Wall St Bets, Keynes, BaFin, Fink and climate change shorts

9 minute read

Given the last week’s flurry of short selling stories, from Wall Street Bets and Gamestop to Wirecard and BaFin, spiced with flow machine Larry Fink and BlackRock, we discuss the societal value of short sellers.

We further elaborate on how this applies in bond markets and its potential usefulness for climate change mitigation. A broader debate has arisen, and around goes a discussion about hedge funds’ short positions being economically destructive.

In many ways, it seems a Main Street vs Wall Street debate, where short positions and their hedge fund masters often are seen as being on the side of the latter. The question is whether this is true and as such it makes sense to reverse the question in terms of whether short sellers add any broader economic value: we would argue that they do.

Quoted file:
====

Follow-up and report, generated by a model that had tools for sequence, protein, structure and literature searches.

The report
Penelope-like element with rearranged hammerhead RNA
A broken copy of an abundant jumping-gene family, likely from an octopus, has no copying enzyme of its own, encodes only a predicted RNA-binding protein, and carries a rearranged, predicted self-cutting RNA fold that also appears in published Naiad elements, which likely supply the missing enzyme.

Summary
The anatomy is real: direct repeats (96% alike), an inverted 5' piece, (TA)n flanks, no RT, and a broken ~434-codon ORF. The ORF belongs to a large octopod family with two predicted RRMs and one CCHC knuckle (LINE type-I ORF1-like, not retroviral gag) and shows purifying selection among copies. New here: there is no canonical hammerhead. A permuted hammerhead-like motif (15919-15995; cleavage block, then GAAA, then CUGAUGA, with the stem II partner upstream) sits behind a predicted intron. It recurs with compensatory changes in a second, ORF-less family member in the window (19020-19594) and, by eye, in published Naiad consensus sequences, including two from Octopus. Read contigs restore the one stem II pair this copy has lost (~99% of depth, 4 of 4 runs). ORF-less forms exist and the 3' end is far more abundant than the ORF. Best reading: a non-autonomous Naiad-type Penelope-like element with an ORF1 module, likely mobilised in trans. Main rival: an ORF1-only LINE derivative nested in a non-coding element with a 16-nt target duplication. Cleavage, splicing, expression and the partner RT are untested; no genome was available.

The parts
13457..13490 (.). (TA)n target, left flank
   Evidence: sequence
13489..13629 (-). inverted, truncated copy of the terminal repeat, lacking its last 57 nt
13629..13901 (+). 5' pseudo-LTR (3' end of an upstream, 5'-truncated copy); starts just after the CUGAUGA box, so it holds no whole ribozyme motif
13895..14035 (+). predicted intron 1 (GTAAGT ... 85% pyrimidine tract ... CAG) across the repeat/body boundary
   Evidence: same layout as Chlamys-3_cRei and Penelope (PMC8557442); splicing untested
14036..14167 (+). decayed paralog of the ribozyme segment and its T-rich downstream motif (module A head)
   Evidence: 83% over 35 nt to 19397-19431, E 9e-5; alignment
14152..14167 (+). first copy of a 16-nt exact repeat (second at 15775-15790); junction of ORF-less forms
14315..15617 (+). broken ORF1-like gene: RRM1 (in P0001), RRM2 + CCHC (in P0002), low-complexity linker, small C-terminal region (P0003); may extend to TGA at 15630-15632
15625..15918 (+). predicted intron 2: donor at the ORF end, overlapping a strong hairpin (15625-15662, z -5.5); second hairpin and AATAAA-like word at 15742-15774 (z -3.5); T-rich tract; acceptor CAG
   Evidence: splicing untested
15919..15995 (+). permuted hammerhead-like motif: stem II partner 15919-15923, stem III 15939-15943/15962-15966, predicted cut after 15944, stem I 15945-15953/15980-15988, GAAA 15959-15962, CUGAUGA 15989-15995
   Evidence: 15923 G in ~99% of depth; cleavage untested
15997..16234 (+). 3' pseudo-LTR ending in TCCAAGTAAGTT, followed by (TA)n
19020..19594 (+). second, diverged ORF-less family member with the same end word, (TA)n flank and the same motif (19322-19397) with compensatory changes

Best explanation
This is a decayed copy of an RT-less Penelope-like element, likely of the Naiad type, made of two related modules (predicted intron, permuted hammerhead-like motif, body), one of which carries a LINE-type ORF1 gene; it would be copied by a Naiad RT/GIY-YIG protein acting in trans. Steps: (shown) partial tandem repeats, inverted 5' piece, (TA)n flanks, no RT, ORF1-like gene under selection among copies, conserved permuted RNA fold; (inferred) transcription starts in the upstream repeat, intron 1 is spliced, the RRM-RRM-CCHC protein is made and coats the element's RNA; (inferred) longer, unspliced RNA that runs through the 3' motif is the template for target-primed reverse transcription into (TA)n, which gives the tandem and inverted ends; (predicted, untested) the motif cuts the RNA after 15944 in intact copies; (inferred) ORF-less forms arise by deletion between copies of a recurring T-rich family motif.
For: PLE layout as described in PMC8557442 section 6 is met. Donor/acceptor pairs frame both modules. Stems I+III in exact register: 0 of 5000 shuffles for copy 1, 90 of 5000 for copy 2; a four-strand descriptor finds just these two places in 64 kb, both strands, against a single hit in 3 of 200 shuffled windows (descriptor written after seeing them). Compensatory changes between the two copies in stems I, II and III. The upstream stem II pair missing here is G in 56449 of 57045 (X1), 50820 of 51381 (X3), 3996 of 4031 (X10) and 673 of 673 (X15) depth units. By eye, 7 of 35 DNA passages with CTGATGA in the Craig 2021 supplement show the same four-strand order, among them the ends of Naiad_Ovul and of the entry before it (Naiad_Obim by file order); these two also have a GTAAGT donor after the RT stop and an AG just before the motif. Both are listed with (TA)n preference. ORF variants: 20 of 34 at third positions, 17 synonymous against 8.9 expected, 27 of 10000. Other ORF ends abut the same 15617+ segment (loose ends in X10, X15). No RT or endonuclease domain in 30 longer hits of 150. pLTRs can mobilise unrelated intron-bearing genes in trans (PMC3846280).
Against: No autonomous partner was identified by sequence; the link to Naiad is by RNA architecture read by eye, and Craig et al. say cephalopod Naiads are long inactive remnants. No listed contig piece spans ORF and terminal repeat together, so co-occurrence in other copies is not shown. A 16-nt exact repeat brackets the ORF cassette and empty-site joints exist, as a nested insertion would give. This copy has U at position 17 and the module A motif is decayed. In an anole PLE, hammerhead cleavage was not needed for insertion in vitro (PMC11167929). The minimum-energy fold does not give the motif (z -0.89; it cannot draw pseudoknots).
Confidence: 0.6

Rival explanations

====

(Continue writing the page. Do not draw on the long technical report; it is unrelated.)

However, we also acknowledge that short selling is a dangerous gamble: in the same way traders land in a ‘gamble for survival’, so do companies and their managements.

Companies will fight short sellers especially in desperate situations: the optionality of fight or flight is reduced when there is nowhere to fly because the corporate jet has been impounded.